On the other hand, the Nikon Z 40mm f/2 incorporates a 52mm filter thread, a standard size common to numerous filters, offering photographers considerable convenience, especially if they extensively use filters. Like its 35mm counterpart, this lens’s filter thread is made of plastic, which might compromise durability but contributes to the lens’s lightweight nature and affordability.
Similar to the 35mm lens, this lens’s filter thread doesn’t rotate during focusing. This design aspect is vital for photographers who use polarizing or graduated neutral density filters, which require a fixed orientation to function effectively. The implementation of internal focusing further ensures that the physical size remains unchanged during focusing, removing any potential complications when filters are attached.
To summarize, both lenses exhibit a focus on practicality, with non-rotating filter threads that greatly facilitate the use of orientation-specific filters. The choice between the two largely depends on the filter size preference and compatibility with existing gear. If one’s collection includes 62mm filters or other Nikon Z series lenses, the 35mm lens would be a more economical choice. However, for those with a broader collection of universal 52mm filters, the 40mm lens would provide better compatibility. It’s worth noting that while both filter threads are plastic, their non-rotating design ensures reliable usage, allowing photographers to exploit the full benefits of various filters.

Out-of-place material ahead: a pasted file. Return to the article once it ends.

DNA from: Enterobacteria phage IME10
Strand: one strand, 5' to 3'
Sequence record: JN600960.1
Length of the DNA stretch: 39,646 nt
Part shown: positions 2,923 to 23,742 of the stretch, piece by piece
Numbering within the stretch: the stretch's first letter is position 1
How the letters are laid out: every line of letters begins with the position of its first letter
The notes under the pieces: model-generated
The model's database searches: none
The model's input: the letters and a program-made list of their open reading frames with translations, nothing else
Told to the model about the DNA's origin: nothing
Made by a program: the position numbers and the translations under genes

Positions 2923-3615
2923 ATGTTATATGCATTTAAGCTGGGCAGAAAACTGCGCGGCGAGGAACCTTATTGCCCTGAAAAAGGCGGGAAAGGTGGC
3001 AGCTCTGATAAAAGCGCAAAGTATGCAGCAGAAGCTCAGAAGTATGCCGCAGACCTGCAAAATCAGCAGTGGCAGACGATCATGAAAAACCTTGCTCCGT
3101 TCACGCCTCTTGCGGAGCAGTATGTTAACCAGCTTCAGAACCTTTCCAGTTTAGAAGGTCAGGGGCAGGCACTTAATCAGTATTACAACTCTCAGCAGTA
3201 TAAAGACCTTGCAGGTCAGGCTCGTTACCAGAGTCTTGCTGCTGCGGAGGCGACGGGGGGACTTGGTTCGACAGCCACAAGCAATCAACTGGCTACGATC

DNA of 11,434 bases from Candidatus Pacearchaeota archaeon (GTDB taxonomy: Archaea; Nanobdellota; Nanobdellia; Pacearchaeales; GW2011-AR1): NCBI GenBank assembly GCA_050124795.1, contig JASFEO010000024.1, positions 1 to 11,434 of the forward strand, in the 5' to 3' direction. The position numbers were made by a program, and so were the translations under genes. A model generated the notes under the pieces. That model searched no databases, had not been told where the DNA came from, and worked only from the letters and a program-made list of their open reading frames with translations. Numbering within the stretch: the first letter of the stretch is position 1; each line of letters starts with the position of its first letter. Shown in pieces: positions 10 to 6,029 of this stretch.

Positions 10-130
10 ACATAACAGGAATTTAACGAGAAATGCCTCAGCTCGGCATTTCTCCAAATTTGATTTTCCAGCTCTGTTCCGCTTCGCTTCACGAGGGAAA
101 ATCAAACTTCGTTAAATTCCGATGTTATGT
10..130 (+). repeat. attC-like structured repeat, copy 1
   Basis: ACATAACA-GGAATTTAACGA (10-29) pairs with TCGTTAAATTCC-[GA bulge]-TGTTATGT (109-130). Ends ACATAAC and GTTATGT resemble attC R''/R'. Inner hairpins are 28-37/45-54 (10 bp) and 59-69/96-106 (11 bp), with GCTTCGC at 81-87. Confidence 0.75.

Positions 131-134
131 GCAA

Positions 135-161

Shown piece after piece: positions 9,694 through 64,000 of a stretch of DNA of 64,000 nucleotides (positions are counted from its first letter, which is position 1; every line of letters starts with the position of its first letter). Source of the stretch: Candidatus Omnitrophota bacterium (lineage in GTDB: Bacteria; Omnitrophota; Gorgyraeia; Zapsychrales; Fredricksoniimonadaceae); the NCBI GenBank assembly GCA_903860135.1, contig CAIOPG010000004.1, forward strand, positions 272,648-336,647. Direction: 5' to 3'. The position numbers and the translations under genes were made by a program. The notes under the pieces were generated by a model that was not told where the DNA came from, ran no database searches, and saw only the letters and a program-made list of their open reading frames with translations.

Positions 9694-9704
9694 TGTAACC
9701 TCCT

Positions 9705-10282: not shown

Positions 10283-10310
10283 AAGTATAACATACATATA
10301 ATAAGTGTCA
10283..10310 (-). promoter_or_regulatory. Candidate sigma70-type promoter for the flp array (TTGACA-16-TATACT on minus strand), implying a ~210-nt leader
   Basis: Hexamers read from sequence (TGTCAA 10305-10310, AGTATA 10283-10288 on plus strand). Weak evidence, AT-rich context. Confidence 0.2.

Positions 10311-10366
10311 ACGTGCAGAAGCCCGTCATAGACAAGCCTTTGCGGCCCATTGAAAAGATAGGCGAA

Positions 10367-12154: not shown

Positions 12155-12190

When it comes to lens hoods, these two lenses offer contrasting experiences.
The Nikon Z 35mm f/1.8 includes the HB-89 bayonet hood in the package. Being a bayonet hood, it ensures a secure fit, which is easy to attach and remove. The lens hood is constructed of plastic, offering lightweight durability. The size of the hood is relatively large, which serves to effectively prevent stray sunlight from reaching the front lens element, thereby reducing flare and maintaining image contrast. The hood can be easily locked and unlocked. For convenience and compactness during storage, the hood can be attached in a reverse position, reducing the lens’s footprint in your camera bag.
In contrast, the Nikon Z 40mm f/2 does not include a lens hood in the package. Nikon has likely made this decision as a cost-saving measure, in order to keep the lens affordable. If you wish to use a lens hood with this lens, you would need to purchase an aftermarket hood that fits the 52mm filter attachment thread. This means you would have to find a lens hood separately, which could be an additional expense and require extra effort to find a compatible hood.